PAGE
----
Berkeley Art Museum selects architects for new home

Future site of BAM-PFA. White building is former printing plant. Photo: UC Berkeley.

The Berkeley Art Museum-Pacific Film Archive has chosen New York architecture firm Diller Scofidio + Renfro to design its new building in downtown Berkeley. The announcement follows a nationwide search which saw ten architecture firms considered for the project.

DS+R is tasked with transforming the former University of California printing plant at Center and Oxford streets in downtown Berkeley for BAM/PFA, after the museum decided to abandon plans to create a building from scratch. In 2006, the museum selected architect Toyo Ito to design a new building for them, but the Japanese architect’s proposal proved expensive and funding did not materialize.

The museum’s current home on Bancroft Way, designed in 1970 by Mario Ciampi, has a multitude of seismic issues.

“DS+R’s experience integrating architecture with issues of contemporary culture and civic life perfectly aligned with BAM/PFA’s core mission to ignite critical dialog and to inspire the imagination through art and film,” said BAM/PFA’s director Lawrence Rinder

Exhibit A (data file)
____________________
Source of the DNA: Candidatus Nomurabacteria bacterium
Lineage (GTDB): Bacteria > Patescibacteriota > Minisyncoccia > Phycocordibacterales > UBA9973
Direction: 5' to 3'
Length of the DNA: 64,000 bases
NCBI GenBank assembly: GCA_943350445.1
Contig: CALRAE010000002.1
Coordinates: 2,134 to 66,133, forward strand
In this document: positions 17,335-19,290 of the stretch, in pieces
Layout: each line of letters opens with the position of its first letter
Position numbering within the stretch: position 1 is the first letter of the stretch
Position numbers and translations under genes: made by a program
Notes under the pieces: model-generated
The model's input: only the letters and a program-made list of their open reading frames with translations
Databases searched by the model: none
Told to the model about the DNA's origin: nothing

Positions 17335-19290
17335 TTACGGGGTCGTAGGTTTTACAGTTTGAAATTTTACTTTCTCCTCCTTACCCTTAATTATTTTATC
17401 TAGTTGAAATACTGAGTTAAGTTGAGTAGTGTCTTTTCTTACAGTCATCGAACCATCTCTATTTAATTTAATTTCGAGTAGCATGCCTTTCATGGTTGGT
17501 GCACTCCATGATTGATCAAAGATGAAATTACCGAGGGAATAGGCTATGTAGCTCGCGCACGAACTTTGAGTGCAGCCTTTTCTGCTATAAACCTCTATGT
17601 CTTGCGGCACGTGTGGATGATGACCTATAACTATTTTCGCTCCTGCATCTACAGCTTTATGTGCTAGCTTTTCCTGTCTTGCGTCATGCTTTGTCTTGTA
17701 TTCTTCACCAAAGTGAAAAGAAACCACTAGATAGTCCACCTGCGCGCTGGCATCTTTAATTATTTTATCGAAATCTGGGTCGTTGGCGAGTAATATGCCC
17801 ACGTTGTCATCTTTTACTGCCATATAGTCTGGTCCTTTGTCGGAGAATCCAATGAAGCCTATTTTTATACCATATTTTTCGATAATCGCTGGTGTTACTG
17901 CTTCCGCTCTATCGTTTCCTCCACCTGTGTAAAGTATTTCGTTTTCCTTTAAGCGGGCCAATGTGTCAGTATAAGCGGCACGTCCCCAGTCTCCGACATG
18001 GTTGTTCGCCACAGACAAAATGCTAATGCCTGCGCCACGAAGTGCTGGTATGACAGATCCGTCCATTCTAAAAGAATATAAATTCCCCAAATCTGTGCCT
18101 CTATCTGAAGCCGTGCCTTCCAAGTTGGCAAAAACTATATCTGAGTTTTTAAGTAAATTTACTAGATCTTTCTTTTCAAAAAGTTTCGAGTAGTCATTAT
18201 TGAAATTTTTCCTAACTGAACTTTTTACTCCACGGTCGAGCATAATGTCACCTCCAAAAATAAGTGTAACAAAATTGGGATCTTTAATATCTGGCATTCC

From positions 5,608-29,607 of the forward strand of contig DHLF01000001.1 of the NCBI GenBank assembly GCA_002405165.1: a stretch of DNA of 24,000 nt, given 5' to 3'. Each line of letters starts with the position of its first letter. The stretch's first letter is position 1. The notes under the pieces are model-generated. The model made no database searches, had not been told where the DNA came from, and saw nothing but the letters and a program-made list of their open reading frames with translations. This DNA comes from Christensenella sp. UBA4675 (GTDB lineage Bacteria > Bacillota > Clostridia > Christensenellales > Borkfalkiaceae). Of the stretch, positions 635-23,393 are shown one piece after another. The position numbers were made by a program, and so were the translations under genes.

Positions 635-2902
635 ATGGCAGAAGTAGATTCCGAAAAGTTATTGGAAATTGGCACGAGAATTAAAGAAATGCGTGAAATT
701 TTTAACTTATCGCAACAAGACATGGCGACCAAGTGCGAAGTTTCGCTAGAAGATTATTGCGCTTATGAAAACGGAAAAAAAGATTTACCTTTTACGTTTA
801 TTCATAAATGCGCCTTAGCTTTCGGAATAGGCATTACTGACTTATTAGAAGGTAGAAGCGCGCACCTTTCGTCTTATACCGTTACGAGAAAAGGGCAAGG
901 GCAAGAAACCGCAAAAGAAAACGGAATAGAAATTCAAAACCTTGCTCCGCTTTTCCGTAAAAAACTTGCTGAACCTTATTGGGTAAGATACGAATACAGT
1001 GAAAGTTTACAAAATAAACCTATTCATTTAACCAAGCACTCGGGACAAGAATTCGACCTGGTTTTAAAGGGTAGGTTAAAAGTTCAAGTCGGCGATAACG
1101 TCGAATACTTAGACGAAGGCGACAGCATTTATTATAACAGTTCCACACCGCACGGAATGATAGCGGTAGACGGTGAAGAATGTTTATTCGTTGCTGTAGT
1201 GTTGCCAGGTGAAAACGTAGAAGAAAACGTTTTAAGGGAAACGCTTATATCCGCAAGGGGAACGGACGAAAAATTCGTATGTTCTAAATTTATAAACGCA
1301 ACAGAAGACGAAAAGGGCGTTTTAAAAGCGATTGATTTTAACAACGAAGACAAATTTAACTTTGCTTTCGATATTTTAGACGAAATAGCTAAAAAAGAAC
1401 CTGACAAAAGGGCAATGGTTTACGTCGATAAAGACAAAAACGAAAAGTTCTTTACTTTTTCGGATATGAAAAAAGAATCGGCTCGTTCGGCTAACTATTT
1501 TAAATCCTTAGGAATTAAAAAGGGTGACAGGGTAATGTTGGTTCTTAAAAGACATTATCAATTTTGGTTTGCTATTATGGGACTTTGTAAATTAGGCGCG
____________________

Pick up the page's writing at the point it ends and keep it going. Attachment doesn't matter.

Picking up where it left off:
Charles Renfro, Ricardo Scofidio and Elizabeth Diller of DS+R. Photo: Abelardo Morrell .

At the downtown site, DS+R will renovate the existing 48,000-square-foot moderne-style printing plant and add a new building covering 50,000 square feet along Oxford Street, just outside the boundaries of the university campus. The museum hopes to open the new complex in 2014. It will be just one block away from the new home of the Magnes Museum, set to open in 2011.

DS+R, whose principals are Elizabeth Diller, Ricardo Scofidio and Charles Renfro, has extensive experience in museum design. It is currently working on New York’s  Lincoln Center for the Performing Arts, it designed Boston’s Institute of Contemporary Art, was responsible for the redesign of the Alice Tully Hall and, last year, collaborated with James Corner Field Operations to complete New York’s High Line, an urban park on a 1.5-mile stretch of elevated railway in Chelsea.

The budget for the new downtown museum is $95 million, nearly half of which has been raised. Funds will come from private sources and are being raised by BAM/PFA in partnership with the campus.